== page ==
Explanted liver inflammatory grade predicts fibrosis progression in hepatitis C recurrence

Marwan Ghabril, Rolland Dickson, Murli Krishna, Victor MacHicao, Jaime Aranda-Michel, Hugo Bonatti, Justin H Nguyen

Research output: Contribution to journalArticle

9 Citations (Scopus)

Abstract

Factors present prior to liver transplantation (LT) that predict fibrosis progression in recurrent hepatitis C infection (HCV) after LT would be important to identify. This study sought to determine if histologic grade of HCV in the explant predicts fibrosis progression in recurrent HCV. The clinical and histologic data of all 159 patients undergoing their first LT for HCV at our center from 1998 to 2001 were retrospectively reviewed with follow-up through June 2008. Twenty-five cases were excluded for: non-HCV-related graft loss <90 days (19), recidivism (4), or unavailable explant or follow-up biopsies (2). A single pathologist scored (Ishak) explants in a blinded fashion. Patients were grouped by explant inflammatory grade ≤4 (group1) and >4 (group 2). Prospectively scored liver biopsies (protocol months 1 and 4, annually, and as indicated clinically) were reviewed for development of advanced fibrosis (bridging or cirrhosis). Cox proportional hazard regression was used to analyze the association of explant grade, donor, viral and LT factors with progression to advanced fibrosis. The groups were well-matched for patient, viral, donor, and transplant factors. Five-year advanced fibrosis-free survival in group 1 versus group 2 was 63% versus 28%, P < 0.001. Explant grade >4 was associated with increased HCV-related graft loss at 1 (6% versus 3%) and 5 (36% versus 14%) years post-LT (P = 0.003). On univariate and multivariate Cox regression analysis, predictors of advanced fibrosis were explant grade >4 (hazard ratio [HR] = 3.3, 95% confidence interval [CI] = 1.9-5.6, P < 0.001) donor age >50 (HR = 3.3, 95% CI = 1.9-5.7, P < 0.001) and viral load at LT of >158,730 IU/mL (HR = 1.8, 95% CI = 1.05-3.1, P = 0.03). Conclusion: Explant histologic grade can identify patients requiring more aggressive monitoring and intervention for HCV recurrence post-LT. Liver Transpl 17:685-694, 2011.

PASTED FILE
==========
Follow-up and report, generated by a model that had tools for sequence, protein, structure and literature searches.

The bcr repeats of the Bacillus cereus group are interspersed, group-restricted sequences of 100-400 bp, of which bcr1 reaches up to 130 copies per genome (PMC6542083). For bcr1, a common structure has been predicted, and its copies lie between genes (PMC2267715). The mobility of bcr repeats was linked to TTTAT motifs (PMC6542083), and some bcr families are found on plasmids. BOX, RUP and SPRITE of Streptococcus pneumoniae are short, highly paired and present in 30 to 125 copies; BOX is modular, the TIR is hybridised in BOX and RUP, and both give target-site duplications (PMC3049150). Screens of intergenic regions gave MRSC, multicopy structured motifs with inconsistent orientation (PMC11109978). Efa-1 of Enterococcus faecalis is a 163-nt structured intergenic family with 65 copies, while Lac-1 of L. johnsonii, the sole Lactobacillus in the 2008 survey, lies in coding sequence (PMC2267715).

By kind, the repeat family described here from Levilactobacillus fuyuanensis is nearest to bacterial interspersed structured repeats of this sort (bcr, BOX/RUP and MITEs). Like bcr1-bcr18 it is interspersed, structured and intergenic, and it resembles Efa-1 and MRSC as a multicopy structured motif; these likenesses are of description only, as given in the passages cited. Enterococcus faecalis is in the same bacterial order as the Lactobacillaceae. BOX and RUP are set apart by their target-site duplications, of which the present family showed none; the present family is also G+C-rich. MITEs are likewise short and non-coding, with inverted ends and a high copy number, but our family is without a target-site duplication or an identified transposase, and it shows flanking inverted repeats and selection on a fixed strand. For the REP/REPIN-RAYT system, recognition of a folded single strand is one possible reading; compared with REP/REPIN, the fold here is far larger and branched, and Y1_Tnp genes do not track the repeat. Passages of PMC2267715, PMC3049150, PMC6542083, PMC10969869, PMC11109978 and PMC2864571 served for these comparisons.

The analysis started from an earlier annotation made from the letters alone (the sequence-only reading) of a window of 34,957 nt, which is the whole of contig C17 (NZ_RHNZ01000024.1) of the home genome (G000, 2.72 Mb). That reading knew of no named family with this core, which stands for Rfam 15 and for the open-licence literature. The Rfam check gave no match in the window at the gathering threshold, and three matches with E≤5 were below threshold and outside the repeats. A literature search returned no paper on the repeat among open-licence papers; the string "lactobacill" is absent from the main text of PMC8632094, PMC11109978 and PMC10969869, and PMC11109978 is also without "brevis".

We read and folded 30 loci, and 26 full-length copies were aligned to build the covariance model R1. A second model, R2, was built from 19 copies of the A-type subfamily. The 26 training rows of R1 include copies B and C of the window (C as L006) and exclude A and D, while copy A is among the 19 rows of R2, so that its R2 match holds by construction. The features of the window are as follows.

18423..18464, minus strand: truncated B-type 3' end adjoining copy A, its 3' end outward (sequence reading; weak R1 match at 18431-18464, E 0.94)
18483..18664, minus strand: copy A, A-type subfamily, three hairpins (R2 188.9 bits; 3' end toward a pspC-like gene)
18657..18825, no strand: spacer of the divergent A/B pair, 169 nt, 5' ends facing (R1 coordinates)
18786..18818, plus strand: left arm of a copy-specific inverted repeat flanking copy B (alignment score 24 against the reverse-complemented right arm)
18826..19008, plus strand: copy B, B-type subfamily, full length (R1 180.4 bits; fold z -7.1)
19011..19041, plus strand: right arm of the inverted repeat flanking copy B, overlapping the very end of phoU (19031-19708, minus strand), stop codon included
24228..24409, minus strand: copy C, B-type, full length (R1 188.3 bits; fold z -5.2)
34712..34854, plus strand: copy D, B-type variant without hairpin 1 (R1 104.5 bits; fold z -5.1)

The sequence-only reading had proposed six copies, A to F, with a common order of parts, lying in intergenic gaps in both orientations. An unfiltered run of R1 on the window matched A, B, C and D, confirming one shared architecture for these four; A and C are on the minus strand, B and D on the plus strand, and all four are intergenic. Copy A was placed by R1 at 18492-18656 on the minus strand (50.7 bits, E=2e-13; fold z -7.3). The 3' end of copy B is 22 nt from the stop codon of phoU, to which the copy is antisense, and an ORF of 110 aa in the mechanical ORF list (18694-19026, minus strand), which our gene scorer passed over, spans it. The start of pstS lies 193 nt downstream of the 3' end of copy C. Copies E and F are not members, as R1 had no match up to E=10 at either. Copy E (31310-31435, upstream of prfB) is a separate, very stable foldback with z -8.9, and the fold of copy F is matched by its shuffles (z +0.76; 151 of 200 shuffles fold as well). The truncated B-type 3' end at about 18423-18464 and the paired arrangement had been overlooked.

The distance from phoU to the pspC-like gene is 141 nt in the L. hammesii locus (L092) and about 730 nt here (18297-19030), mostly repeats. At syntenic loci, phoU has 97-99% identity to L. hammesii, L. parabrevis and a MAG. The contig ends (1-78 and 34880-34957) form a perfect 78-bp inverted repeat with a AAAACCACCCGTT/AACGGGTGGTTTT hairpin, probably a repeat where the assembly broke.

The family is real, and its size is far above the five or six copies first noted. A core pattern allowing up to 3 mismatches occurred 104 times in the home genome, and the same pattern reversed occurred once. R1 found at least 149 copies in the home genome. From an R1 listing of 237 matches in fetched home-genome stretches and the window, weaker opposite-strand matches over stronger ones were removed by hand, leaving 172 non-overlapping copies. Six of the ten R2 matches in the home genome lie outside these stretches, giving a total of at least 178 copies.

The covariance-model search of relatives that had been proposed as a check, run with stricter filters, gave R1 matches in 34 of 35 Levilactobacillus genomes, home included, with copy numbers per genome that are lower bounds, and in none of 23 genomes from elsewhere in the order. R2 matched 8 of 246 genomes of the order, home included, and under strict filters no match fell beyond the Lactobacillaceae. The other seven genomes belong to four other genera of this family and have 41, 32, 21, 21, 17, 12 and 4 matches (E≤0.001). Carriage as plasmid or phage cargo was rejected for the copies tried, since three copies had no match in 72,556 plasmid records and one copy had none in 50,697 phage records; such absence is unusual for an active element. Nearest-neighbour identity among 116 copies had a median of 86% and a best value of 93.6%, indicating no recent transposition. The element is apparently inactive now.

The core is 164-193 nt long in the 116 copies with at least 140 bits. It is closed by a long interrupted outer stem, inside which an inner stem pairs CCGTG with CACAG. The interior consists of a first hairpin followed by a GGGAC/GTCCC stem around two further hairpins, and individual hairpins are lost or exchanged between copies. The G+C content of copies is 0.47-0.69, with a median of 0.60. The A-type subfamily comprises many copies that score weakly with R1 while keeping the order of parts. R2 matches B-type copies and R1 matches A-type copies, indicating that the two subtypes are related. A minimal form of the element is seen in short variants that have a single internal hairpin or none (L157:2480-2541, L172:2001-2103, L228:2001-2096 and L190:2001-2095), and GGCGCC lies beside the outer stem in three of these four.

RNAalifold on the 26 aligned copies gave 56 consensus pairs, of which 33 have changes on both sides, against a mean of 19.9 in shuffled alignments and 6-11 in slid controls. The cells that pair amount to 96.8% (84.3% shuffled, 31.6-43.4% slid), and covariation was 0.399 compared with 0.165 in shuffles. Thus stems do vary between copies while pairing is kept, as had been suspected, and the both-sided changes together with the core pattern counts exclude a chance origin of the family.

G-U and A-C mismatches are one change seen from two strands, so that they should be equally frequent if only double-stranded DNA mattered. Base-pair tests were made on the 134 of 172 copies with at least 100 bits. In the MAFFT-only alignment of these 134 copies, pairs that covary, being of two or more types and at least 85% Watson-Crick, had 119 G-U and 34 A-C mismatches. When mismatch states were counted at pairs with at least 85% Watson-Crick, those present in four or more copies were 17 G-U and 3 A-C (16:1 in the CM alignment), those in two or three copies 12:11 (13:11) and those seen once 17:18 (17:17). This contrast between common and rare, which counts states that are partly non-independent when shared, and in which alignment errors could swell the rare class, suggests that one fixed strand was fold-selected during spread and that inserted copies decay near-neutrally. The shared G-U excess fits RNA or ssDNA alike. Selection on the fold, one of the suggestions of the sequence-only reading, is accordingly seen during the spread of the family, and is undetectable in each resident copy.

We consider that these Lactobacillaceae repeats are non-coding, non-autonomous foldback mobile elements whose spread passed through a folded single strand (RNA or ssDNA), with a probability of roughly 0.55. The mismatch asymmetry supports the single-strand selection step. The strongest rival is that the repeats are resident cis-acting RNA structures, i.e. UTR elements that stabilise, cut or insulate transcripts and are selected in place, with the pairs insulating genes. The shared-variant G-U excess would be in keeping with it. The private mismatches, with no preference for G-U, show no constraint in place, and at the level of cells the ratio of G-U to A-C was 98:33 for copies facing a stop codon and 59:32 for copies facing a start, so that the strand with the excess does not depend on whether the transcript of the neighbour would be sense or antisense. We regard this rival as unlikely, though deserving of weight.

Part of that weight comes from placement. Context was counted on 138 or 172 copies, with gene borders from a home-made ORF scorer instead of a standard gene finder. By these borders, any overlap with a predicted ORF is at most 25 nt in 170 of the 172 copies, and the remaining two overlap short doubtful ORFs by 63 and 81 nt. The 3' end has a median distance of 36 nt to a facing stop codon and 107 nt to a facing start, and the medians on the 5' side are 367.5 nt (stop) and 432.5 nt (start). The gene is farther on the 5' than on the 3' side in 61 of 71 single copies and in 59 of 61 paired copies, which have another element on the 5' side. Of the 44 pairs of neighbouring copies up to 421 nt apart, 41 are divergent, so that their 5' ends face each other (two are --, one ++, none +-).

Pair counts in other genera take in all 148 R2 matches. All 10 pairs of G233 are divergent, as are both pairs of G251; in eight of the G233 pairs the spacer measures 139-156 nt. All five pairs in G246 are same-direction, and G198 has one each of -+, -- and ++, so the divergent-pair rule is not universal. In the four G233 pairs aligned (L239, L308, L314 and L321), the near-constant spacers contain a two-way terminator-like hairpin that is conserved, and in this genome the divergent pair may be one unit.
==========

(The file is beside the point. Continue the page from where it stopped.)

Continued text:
Original languageEnglish (US)
Pages (from-to)685-694
Number of pages10
JournalLiver Transplantation
Volume17
Issue number6
DOIs
StatePublished - Jun 2011

Fingerprint

Hepatitis C
Liver Transplantation
Fibrosis
Recurrence
Liver
Confidence Intervals